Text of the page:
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Week 17: The global trade in health and disease

Lecturer: Roberta Bivins

As medical systems around the world become increasingly intertwined, and as medical professionals and at least certain classes of medical consumers become increasingly mobile, the medical marketplace has come to include two apparently novel trades: ‘fertility tourism’ and the global trade in organs. Here we will examine the historical antecedents and cultural roots of these industries, as well as their ethical complexity and social impacts.


Discussion/Essay Questions:

  • What can historical analysis offer to debates over fertility tourism OR the organ trade?
  • How have perceptions of ‘donors’ and ‘recipients’ of human tissues changed since the nineteenth century?

Required Readings

Read EITHER:

Cynthia R Daniels, Janet Golden, ‘Procreative Compounds: Popular Eugenics, Artificial Insemination and the Rise of the American Sperm Banking Industry’, Journal of Social History, 38 (2004), pp. 5-27; and

Susanne Lundin, ‘"I Want a Baby; Don't Stop Me From Being a Mother": An Ethnographic Study on Fertility Tourism and Egg Trade’, Cultural Politics, 8 (2012), pp. 327-344. Both are in e-journals.

OR

Susan Lederer, Flesh and Blood: Organ Transplantation and Blood Transfusion in Twentieth Century America (Oxford: OUP 2008), ‘Banking on the Body’, 68-106 (e-book); and

Farhat Moazam, Riffat Moazam Zaman, Aamir M. Jafarey, ‘Conversations with Kidney Vendors in Pakistan: An Ethnographic Study’, Hastings Center Report, Volume 39, Number 3, May-June 2009, pp. 29-44 (E-journal).


Further Readings:

Veena Das, 'The Practice of Organ Transplants: Networks, Documents, Translations', in Margaret Lock, Allan Young, Alberto Cambrosio, eds, Living and Working with the New Medical Technologies: Intersections of Inquiry (Cambridge, 2000), pp. 263-287.

Donna Dickenson, Body Shopping: The Economy Fuelled by Flesh and Blood (Oxford: Oneworld Publications, 2008), esp. Chapters 1,2,5,8.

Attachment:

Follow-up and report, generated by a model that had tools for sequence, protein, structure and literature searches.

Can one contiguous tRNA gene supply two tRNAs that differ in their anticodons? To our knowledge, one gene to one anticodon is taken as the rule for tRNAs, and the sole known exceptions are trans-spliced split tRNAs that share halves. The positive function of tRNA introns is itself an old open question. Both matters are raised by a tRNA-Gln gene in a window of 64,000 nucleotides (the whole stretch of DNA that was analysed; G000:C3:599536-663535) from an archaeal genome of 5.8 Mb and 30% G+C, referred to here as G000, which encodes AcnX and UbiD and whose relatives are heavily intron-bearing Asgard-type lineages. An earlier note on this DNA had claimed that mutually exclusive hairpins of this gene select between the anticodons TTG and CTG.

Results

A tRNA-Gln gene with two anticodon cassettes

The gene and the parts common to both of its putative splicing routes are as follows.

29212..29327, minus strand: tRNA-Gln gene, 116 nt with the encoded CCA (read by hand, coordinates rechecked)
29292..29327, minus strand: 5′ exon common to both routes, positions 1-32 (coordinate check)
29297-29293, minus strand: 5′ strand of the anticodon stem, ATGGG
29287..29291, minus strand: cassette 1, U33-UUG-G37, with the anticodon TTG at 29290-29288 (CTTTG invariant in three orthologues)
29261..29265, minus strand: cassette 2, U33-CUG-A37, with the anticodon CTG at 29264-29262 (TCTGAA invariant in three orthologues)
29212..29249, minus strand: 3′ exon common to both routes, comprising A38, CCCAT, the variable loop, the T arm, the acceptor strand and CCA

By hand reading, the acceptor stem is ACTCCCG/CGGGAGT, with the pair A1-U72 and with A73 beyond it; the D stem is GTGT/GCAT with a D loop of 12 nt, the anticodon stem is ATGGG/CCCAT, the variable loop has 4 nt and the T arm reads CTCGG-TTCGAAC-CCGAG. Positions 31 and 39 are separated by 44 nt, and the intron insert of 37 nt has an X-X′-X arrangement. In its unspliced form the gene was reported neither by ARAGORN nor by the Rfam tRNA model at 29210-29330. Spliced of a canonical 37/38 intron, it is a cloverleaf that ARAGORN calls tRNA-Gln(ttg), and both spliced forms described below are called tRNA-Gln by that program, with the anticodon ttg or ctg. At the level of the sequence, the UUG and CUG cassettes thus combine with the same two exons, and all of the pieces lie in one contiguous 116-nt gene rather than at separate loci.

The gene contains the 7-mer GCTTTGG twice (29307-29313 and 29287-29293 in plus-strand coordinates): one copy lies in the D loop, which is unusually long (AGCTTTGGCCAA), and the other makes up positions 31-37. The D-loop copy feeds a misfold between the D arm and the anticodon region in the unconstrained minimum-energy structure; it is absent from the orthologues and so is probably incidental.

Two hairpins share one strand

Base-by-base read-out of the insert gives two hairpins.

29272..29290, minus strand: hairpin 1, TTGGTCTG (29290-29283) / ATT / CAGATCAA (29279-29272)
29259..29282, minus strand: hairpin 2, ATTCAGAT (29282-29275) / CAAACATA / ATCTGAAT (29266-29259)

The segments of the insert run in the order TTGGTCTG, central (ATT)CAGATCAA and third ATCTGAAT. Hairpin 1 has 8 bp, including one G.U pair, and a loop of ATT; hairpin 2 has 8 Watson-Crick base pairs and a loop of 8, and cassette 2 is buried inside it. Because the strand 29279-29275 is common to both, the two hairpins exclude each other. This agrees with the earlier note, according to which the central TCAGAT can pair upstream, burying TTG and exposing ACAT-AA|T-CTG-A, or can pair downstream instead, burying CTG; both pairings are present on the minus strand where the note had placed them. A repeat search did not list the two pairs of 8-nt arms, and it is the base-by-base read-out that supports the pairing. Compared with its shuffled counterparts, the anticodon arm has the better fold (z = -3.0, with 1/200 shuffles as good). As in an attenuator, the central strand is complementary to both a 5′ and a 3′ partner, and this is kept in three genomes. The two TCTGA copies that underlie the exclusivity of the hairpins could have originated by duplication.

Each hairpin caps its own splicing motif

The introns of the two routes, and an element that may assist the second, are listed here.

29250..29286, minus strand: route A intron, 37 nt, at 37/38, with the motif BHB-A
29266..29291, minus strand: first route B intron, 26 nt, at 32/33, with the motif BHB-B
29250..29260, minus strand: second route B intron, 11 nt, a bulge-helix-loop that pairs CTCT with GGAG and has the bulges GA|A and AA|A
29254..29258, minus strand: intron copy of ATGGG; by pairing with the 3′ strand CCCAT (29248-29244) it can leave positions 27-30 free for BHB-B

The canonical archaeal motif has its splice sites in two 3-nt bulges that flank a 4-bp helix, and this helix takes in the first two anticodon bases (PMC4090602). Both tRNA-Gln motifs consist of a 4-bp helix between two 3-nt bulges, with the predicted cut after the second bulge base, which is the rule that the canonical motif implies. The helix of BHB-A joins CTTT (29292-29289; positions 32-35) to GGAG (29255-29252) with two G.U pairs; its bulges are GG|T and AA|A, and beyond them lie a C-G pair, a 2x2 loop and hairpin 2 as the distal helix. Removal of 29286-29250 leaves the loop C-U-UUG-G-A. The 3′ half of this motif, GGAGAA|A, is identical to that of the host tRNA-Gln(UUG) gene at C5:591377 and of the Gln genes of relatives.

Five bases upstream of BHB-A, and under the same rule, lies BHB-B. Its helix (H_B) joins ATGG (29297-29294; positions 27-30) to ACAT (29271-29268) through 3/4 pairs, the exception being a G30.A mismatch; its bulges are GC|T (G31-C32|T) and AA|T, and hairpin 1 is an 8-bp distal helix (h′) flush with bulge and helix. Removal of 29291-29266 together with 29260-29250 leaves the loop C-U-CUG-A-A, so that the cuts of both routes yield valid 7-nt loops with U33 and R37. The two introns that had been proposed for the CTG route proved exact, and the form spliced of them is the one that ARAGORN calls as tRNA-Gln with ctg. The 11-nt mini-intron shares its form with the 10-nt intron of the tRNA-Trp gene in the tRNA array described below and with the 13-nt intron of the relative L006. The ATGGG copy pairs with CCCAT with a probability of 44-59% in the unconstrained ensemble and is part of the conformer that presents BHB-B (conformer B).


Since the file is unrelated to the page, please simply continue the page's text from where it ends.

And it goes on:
Renee C. Fox and Judith P. Swazey, Spare Parts: Organ Replacement in American Society (Oxford, 1992)

Janet Golden, ‘From Wet Nurse Directory to Milk Bank: The Delivery of Human Milk in Boston, 1909-1927’, Bulletin of the History of Medicine, 62 (1988), pp. 589-605. e-journal

Michele Goodwin, ed., The Global Body Market: Altruism's Limits (Cambridge University Press, 2013) e-book

Yael Hashiloni-Dolev, ‘Between Mothers, Fetuses and Society: Reproductive Genetics in the Israeli-Jewish Context’, Nashim: A Journal of Jewish Women's Studies & Gender Issues, 12 (2006), pp. 129-150. e-journal

Ellen Herman, ‘Families Made by Science: Arnold Gesell and the Technologies of Modern Child Adoption’, Isis, 92 (2001), pp. 684-715. e-journal

Linda Hogle, Recovering the Nation’s Body: Cultural Memory, Medicine and the Politics of Redemption (New Brunswick NJ, 1999). Chapter 2 for pre-modern trade in bodily substances; Chapters 3 and 4 for German case studies, pre and post WWII.

E. T. Hurren, 'Whose Body is it Anyway? Trading the Dead Poor, Coroner's Disputes and the Business of Anatomy at Oxford University, 1885-1929', Bulletin of the History of Medicine, 82 (2008), pp. 775-819. e-journal

Hannah Landecker, 'Between Beneficence and Chattel: The Human Biological in Law and Science', Science in Context, 12 (1999), pp. 203-225. e-journal

Susanne Lundin, ‘"I Want a Baby; Don't Stop Me From Being a Mother": An Ethnographic Study on Fertility Tourism and Egg Trade’, Cultural Politics, 8 (2012), pp. 327-344. e-journal

Kim Pelis, ‘“A band of lunatics down Camberwell way”: Percy Lane Oliver and Voluntary Blood Donation in Interwar Britain; in Roberta Bivins and John Pickstone (eds), Medicine, Madness and Social History: Essays in Honour of Roy Porter (Basingstoke, 2007), pp. 148-160. e-book.

Kim Pelis, ‘Transfusion with Teeth’, in Robert Bud, Bernard Finn, and Helmuth Trischler (eds), Manifesting Medicine: Bodies and Machines (Amsterdam, 1999), pp. 1–29.

Kim Pelis, ‘Blood Clots: The Nineteenth Century Debate Over the Substance and Means of Transfusion in Britain’, Annals of Science, 54 (1997), pp. 331–60. e-journal

Richard M. Titmuss, The Gift Relationship: From Human Blood to Social Policy (London, 1970).

Jane Piliavin, Peter Callero, Giving Blood: The Development of an Altruistic Identity (Baltimore, 1991).

Nancy Scheper-Hughes, ‘The Ends of the Body--Commodity Fetishism and the Global Traffic in Organs’, SAIS Review, 22, (2002), pp. 61-80. e-journal

William H. Schneider, ‘Blood Transfusion Between the Wars’, Journal of the History of Medicine and Allied Sciences, 58 (2003), pp. 187-224. e-journal

Kara W. Swanson, ‘Body Banks: A History of Milk Banks, Blood Banks, and Sperm Banks in the United States’, Enterprise & Society, 12 (2011), pp. 749-760. e-journal

Catherine Waldby, Robert Mitchell Tissue Economies: Blood, Organs, and Cell Lines in Late Capitalism, (Durham, NC: Duke University Press, 2006).